Former Alameda Research CEO Caroline Ellison is scheduled to be the next witness to testify in FTX founder Sam Bankman-Fried's trial.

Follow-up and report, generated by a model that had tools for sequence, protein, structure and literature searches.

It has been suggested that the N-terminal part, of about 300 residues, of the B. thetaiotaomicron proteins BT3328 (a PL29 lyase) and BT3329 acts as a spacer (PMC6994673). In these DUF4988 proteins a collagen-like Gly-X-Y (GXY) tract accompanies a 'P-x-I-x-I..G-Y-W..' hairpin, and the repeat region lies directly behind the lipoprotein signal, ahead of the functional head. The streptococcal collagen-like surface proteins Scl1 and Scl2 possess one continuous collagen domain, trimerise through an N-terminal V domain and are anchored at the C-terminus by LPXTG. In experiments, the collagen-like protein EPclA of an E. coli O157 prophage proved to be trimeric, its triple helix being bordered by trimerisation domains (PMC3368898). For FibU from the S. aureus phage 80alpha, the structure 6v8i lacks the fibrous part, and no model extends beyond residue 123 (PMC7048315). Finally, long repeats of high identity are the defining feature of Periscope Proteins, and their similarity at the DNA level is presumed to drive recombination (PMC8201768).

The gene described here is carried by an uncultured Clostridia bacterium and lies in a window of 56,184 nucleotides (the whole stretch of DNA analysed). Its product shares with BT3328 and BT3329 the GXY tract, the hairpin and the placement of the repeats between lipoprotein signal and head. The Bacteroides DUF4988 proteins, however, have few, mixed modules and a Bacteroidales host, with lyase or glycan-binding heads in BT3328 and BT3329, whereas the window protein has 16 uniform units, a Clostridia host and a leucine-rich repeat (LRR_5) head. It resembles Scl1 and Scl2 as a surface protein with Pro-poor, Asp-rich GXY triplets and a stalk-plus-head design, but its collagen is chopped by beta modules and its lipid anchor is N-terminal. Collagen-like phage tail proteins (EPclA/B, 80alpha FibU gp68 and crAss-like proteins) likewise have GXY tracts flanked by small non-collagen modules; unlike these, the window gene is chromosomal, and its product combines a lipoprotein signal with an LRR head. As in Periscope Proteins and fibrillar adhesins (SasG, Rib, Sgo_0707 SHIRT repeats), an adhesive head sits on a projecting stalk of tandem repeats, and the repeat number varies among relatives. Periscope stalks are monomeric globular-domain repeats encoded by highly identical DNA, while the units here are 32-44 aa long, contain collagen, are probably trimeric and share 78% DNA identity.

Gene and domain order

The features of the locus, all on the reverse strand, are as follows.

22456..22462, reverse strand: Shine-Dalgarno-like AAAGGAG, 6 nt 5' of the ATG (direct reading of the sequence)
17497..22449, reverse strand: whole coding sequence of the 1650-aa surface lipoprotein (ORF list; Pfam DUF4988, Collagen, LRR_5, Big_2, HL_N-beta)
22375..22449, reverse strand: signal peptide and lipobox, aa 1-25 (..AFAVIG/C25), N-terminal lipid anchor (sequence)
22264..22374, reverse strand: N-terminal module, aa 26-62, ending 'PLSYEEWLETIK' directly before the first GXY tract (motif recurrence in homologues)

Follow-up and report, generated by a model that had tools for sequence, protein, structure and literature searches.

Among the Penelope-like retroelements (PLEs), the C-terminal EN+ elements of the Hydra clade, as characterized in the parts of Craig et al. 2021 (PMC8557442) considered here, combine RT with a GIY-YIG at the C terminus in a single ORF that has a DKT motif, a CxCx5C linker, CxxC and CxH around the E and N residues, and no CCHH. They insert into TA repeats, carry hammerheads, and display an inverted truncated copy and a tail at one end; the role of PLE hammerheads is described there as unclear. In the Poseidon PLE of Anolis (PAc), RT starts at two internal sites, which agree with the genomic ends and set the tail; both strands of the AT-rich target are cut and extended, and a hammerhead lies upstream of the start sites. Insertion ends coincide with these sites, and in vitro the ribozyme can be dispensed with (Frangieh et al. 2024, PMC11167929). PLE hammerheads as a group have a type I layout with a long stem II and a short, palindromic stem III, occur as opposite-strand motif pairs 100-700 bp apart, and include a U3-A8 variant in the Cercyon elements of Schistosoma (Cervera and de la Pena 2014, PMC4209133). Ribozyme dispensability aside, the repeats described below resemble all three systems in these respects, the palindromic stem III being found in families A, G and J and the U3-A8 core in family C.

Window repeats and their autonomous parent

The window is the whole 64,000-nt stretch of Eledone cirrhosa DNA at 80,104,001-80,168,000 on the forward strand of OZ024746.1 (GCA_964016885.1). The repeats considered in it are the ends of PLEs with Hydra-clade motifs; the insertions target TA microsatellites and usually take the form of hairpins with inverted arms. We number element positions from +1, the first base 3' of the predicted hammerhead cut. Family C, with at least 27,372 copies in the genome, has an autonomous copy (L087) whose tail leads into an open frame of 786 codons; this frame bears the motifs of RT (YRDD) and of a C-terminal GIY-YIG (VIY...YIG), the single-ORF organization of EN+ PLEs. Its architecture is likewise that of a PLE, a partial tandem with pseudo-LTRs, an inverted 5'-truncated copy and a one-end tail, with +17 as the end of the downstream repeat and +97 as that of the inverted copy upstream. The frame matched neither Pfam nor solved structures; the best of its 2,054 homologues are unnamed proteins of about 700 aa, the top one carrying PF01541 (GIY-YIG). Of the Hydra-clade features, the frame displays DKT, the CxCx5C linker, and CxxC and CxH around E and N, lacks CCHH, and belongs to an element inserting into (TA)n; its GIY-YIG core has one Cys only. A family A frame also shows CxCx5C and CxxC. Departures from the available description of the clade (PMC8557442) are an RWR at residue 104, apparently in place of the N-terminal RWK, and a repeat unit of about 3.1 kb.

Former Alameda Research, Ceo Caroline Allison is expected to be the next witness to testify in the SPF trial. Joining us now is partner at law firm Lowenstein Sandler Rachel Maman. Welcome Rachel. Thank you so much for having me. Thank you for being here. So you were a pro uh a former federal prosecutor at the southern district of New York. You now uh specializing in white collar criminal defense in the opening arguments. We have the defense uh trying to pin some of the blame here on Caroline Ellison if not a lot of the blame on her. Uh They claim that she did not do this. She did not do the proper safeguards. What do you think the jurors need to hear? How do you think this will, will, will play out? So this is a very classic defense move by uh by defense counsel which is to discredit the cooperators and she is arguably the government's most important cooperator. So, what they're going to want to get out is any evidence of her lying um saying one thing to one person and one thing to another um saying different things than what she said previously, perhaps during her guilty plea or during her many, many meetings with the government, various ways to undermine her credibility. So uh Gary Wang, he uh yeah, last week he uh he, he, he, he testified that Saman Manfried was the ultimate decision maker in, in every pro in the, the big decisions here in the, in the process of uh trades, et cetera. Uh His, his testimony. Did you find it compelling at all? Yes, I mean, I find it compelling. Um But like anyone, especially the jurors and um others who have watched trials like this, obviously reserving judgment to see what happens. Um You can expect that someone in Wang's position who has uh pled guilty pursuant to a cooper operation agreement with the government and whose ongoing co-operation and substantial assistance is going to affect what sentence he has, his testimony may be affected by that. Hi Rachel. The uh the big question for many is, will Sam himself take the stand? Do you think he should? I have a slightly unorthodox view on, on those things when it comes to criminal trials? In my experience, I have found that jurors find criminal defendants very compelling when they testify. It's very humanizing. It's very difficult if all you see are a person's text messages um and hear about things they're saying you don't really get to see them as a human being. And even if the cross examination of Mr Beman Fried were to be brutal and I expect that it would be brutal by the government. At least the jury would have an opportunity to see him as a human being but looking at his text messages and in fact, a barrage of information that he has sort of divulged to the world, you know, while he's been in captivity. Actually, um, you know, what's your takeaway from that in terms of what type of witness he's likely to be? Well, I would have some concerns on the part. Um, if I were defense counsel on his ability to follow instruction, um he would have to be prepared very carefully by defense counsel, but it, it is very unlikely that his lawyers sanctioned um, any of the disclosures or other things that happened in this case that ultimately led to him being detained. And so there is a possibility that he is someone who would likely to be go likely to go rogue and you don't want to have a train wreck on the stand. It's better to just remain silent. You know, as we discussed earlier with our colleague, Nick mcd, this is primarily a case of fraud that's clear and simple and it looks like the prosecution is saying this, the, the, the technicalities of, of crypto don't matter here. How about the regulation of crypto or the lack thereof, the lack of clarity that have any play here? Prosecution says, no, it doesn't. I, is that something the defense can use and say look, this is still unregulated. We don't know who's in charge. What did, what did Sam really do wrong? He didn't, did he violate an actual statute regarding crypto? No. Does that fly or is this a very clear cut? Are, are they going down the wrong path if they tried to do that? Well, I don't know that the judge would permit them to introduce evidence of whether or not he's broken any regulations or anything along those lines. I think that type of evidence could be relevant to the extent that it shows his state of mind. Um And that he didn't have a guilty state of mind because he thought he was doing right. Um But the, but the judge isn't going to let there be and the evidentiary rules don't let there be a sideshow about what the law was or wasn't. Um, the judge will instruct the jury on what the law is that's relevant at the end of the trial. Uh Rachel prosecutors um want uh Beman Fried to be banned from bringing up uh his investment in A I start up anthropic um uh A as, as, as part of the defense. Um This talk of course, that this could be a very successful investment and the FTX creditors could be made whole as a result of it. Uh And I think the doj believe that that could be um misleading in terms of its impact on the interpretation. What are your thoughts on that. Well, it's a question of relevance. So evidence has to be relevant and not unduly, prejudicial. Um What is the relevance to whether or not the investors could be made whole? Um in connection with the question that is before the jury, which is whether or not these crimes were committed. Question of whether or not restitution can be made. That's a really a sentencing question. It's a question that may be relevant to his sentence itself, but it's not necessarily relevant to whether or not he actually committed the crimes. Alrighty. Well, thank you, Rachel. That was partner at Lowenstein Sandler Rachel Maman.